Iraq’s Long-Term Impact on Jihadist Terrorism

Daniel L. Byman and
Daniel L. Byman
Daniel L. Byman Director and Professor, Security Studies Program - Georgetown University, Senior Fellow - Foreign Policy, Center for Middle East Policy

Kenneth M Pollack
Kenneth M Pollack Former Brookings Expert, Resident Scholar - AEI

July 1, 2008

This article appears in a special volume of the
Annals of the American Academy of Political and Social Science titled “Terrorism: What the Next President Will Face”.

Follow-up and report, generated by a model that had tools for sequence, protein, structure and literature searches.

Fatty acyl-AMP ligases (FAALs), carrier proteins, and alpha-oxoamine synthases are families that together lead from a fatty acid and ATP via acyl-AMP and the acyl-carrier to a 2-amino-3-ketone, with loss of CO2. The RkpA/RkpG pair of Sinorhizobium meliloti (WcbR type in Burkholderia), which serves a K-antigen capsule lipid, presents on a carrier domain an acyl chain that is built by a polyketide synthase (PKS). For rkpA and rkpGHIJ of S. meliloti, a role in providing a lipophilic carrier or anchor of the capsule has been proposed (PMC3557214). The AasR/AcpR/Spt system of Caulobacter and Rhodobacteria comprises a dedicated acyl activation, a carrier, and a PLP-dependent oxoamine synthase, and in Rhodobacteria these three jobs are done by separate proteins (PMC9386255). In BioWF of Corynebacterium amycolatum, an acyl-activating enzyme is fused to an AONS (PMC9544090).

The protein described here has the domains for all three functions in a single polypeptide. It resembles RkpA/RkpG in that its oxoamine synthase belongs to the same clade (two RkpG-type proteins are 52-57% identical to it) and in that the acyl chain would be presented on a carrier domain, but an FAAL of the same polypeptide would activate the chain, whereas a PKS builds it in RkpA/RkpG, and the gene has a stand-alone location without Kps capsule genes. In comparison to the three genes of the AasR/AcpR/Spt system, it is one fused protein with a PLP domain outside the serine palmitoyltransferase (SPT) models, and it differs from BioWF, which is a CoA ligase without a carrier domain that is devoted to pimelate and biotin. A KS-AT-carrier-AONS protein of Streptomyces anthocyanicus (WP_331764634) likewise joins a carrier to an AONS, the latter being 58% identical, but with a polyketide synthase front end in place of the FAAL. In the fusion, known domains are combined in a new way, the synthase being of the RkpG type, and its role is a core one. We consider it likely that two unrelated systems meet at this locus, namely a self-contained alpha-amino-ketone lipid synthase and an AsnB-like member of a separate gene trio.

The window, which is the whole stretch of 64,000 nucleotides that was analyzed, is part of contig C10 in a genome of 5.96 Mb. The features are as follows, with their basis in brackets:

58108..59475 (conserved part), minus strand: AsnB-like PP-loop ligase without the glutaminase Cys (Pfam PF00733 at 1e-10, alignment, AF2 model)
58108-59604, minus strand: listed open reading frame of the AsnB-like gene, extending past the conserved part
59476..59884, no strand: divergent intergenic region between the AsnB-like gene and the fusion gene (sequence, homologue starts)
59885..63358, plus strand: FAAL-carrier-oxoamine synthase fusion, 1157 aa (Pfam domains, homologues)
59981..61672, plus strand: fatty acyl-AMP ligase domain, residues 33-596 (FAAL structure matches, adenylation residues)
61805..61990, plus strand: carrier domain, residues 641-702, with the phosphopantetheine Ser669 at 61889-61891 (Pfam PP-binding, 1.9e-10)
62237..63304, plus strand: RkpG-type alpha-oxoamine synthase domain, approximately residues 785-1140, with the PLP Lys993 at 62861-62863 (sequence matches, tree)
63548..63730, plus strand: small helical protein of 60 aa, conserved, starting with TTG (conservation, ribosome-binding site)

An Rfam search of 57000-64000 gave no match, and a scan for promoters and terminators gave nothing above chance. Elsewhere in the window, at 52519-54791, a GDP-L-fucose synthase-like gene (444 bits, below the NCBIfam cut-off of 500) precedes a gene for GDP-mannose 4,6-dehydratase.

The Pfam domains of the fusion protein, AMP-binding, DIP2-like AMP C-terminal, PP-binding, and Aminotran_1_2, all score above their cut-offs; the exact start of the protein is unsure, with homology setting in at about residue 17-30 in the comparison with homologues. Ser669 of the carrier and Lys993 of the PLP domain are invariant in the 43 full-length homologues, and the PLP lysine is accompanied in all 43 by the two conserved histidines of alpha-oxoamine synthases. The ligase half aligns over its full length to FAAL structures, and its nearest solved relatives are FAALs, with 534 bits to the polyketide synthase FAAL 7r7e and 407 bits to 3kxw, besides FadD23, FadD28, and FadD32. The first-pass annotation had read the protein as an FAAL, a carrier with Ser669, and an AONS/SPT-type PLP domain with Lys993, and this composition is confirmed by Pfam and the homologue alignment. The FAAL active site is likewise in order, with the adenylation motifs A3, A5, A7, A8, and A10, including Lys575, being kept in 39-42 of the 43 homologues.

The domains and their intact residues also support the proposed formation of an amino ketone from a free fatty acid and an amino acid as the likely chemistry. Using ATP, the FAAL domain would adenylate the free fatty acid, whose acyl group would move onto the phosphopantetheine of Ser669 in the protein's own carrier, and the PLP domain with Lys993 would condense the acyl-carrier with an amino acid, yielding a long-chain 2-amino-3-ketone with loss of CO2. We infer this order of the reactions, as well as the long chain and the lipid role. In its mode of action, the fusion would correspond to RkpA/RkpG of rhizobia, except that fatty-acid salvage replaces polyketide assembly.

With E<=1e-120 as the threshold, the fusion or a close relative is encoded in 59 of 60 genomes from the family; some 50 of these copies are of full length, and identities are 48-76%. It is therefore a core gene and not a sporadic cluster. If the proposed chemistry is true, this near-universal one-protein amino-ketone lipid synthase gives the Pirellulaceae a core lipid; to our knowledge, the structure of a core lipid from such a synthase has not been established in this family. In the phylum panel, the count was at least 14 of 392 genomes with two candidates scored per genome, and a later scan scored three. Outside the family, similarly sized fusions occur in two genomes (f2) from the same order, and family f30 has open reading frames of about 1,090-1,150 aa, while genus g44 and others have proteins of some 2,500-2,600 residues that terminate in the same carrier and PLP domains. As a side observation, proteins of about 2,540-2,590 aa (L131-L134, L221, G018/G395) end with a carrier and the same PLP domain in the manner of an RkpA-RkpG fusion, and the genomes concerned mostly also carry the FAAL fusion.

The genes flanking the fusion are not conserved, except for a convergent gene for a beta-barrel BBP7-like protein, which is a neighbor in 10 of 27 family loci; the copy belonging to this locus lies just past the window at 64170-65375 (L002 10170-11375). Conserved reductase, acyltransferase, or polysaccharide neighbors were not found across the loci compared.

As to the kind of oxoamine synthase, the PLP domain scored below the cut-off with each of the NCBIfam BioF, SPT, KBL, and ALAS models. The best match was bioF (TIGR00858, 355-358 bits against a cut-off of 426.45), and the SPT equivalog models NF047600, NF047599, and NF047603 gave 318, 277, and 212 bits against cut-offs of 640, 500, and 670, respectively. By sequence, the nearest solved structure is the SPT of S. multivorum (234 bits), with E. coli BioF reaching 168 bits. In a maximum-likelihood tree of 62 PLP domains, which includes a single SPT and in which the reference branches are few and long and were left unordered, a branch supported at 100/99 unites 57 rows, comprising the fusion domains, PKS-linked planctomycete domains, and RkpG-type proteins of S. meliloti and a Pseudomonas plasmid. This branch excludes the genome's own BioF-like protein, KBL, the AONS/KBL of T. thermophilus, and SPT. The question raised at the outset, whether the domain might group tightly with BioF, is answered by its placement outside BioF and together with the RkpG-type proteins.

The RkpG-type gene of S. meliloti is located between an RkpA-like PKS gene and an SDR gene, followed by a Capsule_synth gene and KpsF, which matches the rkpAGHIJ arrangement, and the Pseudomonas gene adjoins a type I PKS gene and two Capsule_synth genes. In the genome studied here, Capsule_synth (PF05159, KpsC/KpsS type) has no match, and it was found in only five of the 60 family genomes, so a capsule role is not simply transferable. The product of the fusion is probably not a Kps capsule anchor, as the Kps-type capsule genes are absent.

This article argues that the problems facing Iraq could have tremendous consequences for the broader “war on terror,” particularly if they return to or exceed levels seen at the height of the violence in 2006. Salafi militants, followers of an extreme interpretation of Islam who want to use violence to unite Muslims under religious rule, have been fighting in Iraq and may use the country as a base for operations and attacks elsewhere in the region. In addition, refugees from Iraq might spread terrorism, radicalize neighboring populations, and contribute to strife and instability throughout the region. While a U.S. troop withdrawal may inspire fewer young men to take up terrorism against the United States, it would also increase militants’ operational freedom in Iraq itself, allowing terrorist groups to recruit, train, and plan with relative impunity. As a result, if the United States withdraws from Iraq without leaving behind a stable Iraqi government, it should still maintain a regional military presence and help bolster other regimes in the Middle East from the threat of terrorism from Iraq.

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